|If it sounds too good to be true ...|
|Written by Scott Graves, Pilot staff writer|
|July 24, 2010 05:00 am|
When I run dry of things to write about in this column, I can always county on reader to come to the rescue.
This week I was contacted by two readers, one wanting to spread the word about a scam; another to help people recycle unwanted paint. I’m happy to oblige.
Too good to be true
Brookings resident Tracey Ensley recently received in the mail a solicitation to be a “secret shopper” in the area.
How it works: A person receives an unsolicited notice in the mail explaining he has been selected as a “Customer Service Evaluator” to participate in a “Secret Shopping” program. The company to be “evaluated” is Western Union. The recipient is instructed to operate as a potential customer performing a “Western Union cash to cash” service, sending money to the company. Included in the mailing is a cashiers check in the amount of $950 is included to facilitate the transfer.
The letter states “this assignment is time-sensitive and must be completed in a timely manner within 24 hours of receiving this package.”
The secret shopper is directed to cash the $950 check at their bank, keeping $150 for themselves as compensation and use the remaining $800 to make the Western Union transfer to the company. Of course anyone who does this will quickly learn the check is bogus, and they have lost $800 of their own money in the process.
Ensley was suspicious right away and called the Oregon Attorney General’s Office, which suggested she contact her local newspaper. She did, providing me a copy of the scam material. She also contacted the bank listed on the check, a credit union in Corpus Christi, Texas. A bank employee confirmed it was a scam.
“I’m worried that others in Brookings might get this same mailing and fall for it,” Ensley told me.
The check looked real enough and the accompanying letter sounded like a great opportunity to earn some quick cash. But a cursory Internet search on the name of the company, Crenshaw Research, showed that many people have reported or fallen for the scam.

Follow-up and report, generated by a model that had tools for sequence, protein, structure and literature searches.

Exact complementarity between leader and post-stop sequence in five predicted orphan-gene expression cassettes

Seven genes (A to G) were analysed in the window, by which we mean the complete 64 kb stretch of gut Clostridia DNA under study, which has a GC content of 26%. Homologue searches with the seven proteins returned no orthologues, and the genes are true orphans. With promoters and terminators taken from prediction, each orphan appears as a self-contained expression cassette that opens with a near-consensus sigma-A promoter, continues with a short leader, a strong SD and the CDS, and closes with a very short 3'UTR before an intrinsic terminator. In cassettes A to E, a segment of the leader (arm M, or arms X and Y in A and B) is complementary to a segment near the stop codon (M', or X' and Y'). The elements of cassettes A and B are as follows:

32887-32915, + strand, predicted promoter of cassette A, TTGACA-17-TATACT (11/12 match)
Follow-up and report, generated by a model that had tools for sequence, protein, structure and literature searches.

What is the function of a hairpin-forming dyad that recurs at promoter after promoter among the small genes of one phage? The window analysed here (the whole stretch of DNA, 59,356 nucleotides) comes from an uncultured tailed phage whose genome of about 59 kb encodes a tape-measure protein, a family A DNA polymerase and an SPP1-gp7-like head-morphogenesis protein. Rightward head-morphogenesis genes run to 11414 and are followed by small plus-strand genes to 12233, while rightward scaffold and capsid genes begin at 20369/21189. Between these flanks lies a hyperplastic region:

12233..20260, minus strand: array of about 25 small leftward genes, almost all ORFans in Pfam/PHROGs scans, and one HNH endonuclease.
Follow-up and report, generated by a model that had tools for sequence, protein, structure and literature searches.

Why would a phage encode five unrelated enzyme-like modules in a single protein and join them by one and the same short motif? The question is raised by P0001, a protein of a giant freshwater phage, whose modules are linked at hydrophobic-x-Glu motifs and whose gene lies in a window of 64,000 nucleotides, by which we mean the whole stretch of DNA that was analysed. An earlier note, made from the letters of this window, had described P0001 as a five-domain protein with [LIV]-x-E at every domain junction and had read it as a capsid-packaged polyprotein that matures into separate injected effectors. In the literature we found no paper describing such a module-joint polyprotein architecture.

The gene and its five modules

Lesson here: If it sounds too good to be true, then it probably is.
New life for old paint
On Thursday, reader Gene Starns sent me an e-mail wanting to alert others to Oregon’s new PaintCare program that helps people recycle or dispose of leftover paint. The program was launched July 1 with 30 collection centers in paint stores across the state. By year’s end, up to 90 centers are scheduled to be open.
The program is the first in the nation, approved by the Oregon Legislature in 2009. The effort is funded by a retail fee charged to the customer upon purchasing the paint: 35 cents for a half-gallon and $1.60 for five gallons.
In his e-mail, Starns wrote: “When I went into the paint store to get a gallon of trim paint for the house, I asked about the rules for disposing of old paint cans. Taking them to the transfer station has always been a pain for me, and I worried that once I got them there they would be refused for one reason or another. Well, I learned at the paint store this morning that ... a new law was enacted in Oregon. I can now take all my paint cans in to the paint store and, if they are empty or dry, they will take them and recycle them. No more driving to the transfer station with used paint cans.”
Amen to that!
The local paint drop-off site is Kerr Ace Hardware in downtown Brookings.